A popular Alaska tourist train company has suspended tours to investigate the derailment of one of its trains in which 19 people sustained minor injuries.
According to ABC News, the vintage train was making its 40-mile run on the White Pass & Yukon route from Skagway to Canada on Wednesday shortly after 3 pm, when two locomotives and four passenger cars derailed. The derailment took place in Alaska, just inside the Alaska-Canada border, near the White Pass summit.
A passenger on the train, Jerry Cable, reported hearing banging noises and feeling the train shake during the derailment. He and his wife were not injured, but were two cars behind one of the passenger cars that did jump the tracks and landed partially in the Skagway River. Another passenger, Joe Gilsinger, saw the car in front of his go off the track when the front of the car that he and his wife, Dana, were riding in went off the tracks also. "The car we were in came off the ground, and I was thinking, where the hell we are going?" he said.
Medical workers responded to the train derailment. USA Today reports that the railway's president, John Finlayson, said that the injured were treated in the tourist town of Skagway. Initial reports had from 9 to 12 people injured in the accident, but as of today, the clinic that treated the injured passengers reported a total of 19. State Homeland Security official David Lee said that none of the injuries appeared to be serious. It was also initially reported that some passengers had been thrown from the train into the Skagway River, but it was later discovered that this was not true.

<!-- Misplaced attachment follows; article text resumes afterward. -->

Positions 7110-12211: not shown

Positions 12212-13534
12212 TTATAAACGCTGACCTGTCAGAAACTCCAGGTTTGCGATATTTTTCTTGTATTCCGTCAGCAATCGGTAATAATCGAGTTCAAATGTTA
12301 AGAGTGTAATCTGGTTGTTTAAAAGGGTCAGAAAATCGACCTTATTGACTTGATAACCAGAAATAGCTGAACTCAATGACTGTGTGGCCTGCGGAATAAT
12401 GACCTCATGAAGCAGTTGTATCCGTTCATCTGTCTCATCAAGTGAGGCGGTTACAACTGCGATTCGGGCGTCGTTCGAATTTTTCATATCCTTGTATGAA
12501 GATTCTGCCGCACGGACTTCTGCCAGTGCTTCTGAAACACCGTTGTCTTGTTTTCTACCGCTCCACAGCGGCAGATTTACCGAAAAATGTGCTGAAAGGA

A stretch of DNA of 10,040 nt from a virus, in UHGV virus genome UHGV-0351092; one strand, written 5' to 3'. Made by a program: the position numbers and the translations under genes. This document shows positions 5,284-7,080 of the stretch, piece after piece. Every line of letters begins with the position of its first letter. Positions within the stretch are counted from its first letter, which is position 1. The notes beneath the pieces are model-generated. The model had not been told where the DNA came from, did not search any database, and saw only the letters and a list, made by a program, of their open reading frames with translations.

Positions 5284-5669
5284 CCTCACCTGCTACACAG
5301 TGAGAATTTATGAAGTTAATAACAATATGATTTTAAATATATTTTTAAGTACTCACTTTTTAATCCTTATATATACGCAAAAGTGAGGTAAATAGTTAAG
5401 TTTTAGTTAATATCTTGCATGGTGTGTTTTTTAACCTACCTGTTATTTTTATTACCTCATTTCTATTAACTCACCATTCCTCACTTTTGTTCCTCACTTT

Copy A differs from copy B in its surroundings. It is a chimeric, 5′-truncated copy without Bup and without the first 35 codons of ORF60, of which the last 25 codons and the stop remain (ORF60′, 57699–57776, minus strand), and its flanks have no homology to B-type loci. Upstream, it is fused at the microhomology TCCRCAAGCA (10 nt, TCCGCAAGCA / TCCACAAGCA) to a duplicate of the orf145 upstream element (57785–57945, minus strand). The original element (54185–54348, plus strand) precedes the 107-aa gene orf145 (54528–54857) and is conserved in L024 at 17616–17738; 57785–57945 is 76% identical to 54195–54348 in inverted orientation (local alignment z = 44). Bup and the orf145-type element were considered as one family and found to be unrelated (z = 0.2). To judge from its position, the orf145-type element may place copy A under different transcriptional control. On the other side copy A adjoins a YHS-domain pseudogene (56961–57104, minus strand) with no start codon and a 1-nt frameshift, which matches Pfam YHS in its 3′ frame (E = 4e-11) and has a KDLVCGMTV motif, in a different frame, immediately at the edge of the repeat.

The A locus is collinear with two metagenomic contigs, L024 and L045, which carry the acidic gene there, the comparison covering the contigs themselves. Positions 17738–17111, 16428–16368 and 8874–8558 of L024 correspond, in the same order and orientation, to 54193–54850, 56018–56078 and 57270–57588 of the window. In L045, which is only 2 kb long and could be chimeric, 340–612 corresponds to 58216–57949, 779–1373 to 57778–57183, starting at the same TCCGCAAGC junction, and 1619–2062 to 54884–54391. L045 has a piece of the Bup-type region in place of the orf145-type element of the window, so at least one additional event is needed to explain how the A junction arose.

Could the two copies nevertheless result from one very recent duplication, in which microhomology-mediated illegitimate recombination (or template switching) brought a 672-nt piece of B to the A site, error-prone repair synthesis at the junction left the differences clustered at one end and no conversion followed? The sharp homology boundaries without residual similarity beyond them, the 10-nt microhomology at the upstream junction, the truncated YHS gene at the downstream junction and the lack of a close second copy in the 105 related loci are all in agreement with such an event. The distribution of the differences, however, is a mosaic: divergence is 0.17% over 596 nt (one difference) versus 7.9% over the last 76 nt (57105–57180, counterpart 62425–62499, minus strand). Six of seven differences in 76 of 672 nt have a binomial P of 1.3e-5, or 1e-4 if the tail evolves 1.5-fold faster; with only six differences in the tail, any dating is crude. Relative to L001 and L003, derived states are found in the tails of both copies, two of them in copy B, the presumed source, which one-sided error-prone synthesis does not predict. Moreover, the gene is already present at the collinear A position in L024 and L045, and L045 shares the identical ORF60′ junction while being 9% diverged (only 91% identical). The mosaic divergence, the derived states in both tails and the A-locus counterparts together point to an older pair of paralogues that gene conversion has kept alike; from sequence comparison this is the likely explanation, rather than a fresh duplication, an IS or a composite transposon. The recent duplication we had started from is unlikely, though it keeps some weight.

Railroad crews managed to get power to the train after the derailment and were able to take the train back to Skagway with the passengers aboard.
Finlayson told KTUU News that safety remained the railroad company's number one priority. "Although we have not yet identified the specific cause of this incident, a thorough investigation has been undertaken, and all reasonable efforts will be made to ensure that safe operations remain the overriding focus of our workforce and management team," the railroad's president said in a statement regarding the train derailment.
The derailment was reported to the National Transportation Safety Board, but district chief Clint Johnson says that a full investigation of the derailment probably will not be conducted.
Although thankfully not as serious at the recent Moscow metro train disaster, the Alaska train accident is the second incident in less than two weeks in which passengers were injured in a train derailment.